Shlomo-Zalman Dov-Baruch Schatz was born in 1867 in the town of Vorno (in present-day Latvia). His family, though poor, was distinguished, coming from a line of rabbis. At the age of fifteen he moved to Vilna (Vilnius) to study in a yeshivah, but his growing resistance to traditional Judaism eventually resulted in his total withdrawal from his studies. While still at the yeshivah he enrolled at the town's School of Drawing.

In 1888 Schatz moved to Warsaw. His conception of Jewish art was formed at this time and presented in an article he published at the age of twenty in the Hebrew-language newspaper Ha-Tzefirah. He believed that art should fulfill a moral, educational, and national role. Schatz's ideas on the subject took a more concrete form years later, in his own artwork and in the establishment of Bezalel.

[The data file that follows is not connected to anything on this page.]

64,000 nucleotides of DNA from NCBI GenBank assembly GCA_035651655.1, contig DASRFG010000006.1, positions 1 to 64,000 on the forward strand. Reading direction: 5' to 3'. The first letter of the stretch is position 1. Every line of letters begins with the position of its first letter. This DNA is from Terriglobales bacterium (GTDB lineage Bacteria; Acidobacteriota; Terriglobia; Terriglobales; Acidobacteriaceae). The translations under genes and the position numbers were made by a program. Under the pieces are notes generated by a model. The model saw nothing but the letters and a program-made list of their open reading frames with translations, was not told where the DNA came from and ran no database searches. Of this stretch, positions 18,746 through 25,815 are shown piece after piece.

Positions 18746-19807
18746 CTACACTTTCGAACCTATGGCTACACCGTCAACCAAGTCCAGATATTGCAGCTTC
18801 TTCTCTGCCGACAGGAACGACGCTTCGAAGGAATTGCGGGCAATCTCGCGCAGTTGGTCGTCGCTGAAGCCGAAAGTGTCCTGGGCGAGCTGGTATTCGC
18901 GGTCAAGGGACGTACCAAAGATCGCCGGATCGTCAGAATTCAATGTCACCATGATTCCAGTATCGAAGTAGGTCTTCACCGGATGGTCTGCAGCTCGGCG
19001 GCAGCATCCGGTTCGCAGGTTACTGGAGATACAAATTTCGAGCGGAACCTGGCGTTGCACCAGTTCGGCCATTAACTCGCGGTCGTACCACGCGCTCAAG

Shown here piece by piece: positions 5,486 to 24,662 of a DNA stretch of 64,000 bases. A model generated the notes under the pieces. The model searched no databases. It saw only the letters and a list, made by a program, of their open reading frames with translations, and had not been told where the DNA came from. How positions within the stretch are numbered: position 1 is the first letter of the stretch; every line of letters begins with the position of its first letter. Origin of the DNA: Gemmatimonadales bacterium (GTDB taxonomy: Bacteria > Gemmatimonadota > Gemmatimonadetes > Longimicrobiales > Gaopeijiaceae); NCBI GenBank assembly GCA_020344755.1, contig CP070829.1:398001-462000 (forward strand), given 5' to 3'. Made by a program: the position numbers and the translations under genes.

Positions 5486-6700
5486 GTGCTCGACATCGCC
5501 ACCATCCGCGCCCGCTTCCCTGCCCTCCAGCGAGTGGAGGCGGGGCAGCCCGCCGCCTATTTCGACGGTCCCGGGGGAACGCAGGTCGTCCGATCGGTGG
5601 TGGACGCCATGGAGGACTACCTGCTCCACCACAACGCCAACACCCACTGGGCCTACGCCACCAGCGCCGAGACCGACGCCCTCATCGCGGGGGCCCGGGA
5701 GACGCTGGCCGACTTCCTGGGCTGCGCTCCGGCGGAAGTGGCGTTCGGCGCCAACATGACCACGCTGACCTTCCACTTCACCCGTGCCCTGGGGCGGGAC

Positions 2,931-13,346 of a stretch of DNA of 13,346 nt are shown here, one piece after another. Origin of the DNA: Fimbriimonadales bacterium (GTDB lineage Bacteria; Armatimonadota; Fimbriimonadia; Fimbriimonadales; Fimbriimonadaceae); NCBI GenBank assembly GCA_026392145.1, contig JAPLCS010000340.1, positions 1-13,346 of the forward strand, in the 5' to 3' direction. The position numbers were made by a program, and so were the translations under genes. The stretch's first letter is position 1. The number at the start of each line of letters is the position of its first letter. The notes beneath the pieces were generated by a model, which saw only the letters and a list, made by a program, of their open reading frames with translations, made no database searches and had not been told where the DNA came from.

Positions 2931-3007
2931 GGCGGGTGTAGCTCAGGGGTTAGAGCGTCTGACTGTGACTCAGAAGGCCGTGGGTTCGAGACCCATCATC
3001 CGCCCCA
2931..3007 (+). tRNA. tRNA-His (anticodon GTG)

In late 1889 Schatz moved to Paris, then the art capital of the world, where he worked at odd jobs, and even spent some time as a boxer.


He studied sculpture with the famous Russian Jewish sculptor Mark Antokolsky and took painting lessons at Fernand Cormon's well-known private academy. There his understanding of art was molded by the conservative Academic approach.

Schatz's works from this period were displayed at the Paris Salons, but many have only been preserved in photographs. He sculpted several statues portraying scenes from the life of Moses, and a number of relief portraits commissioned by various institutions. In 1894 Schatz sculpted the figure of Mattathias the Maccabee, his most renowned work of art.


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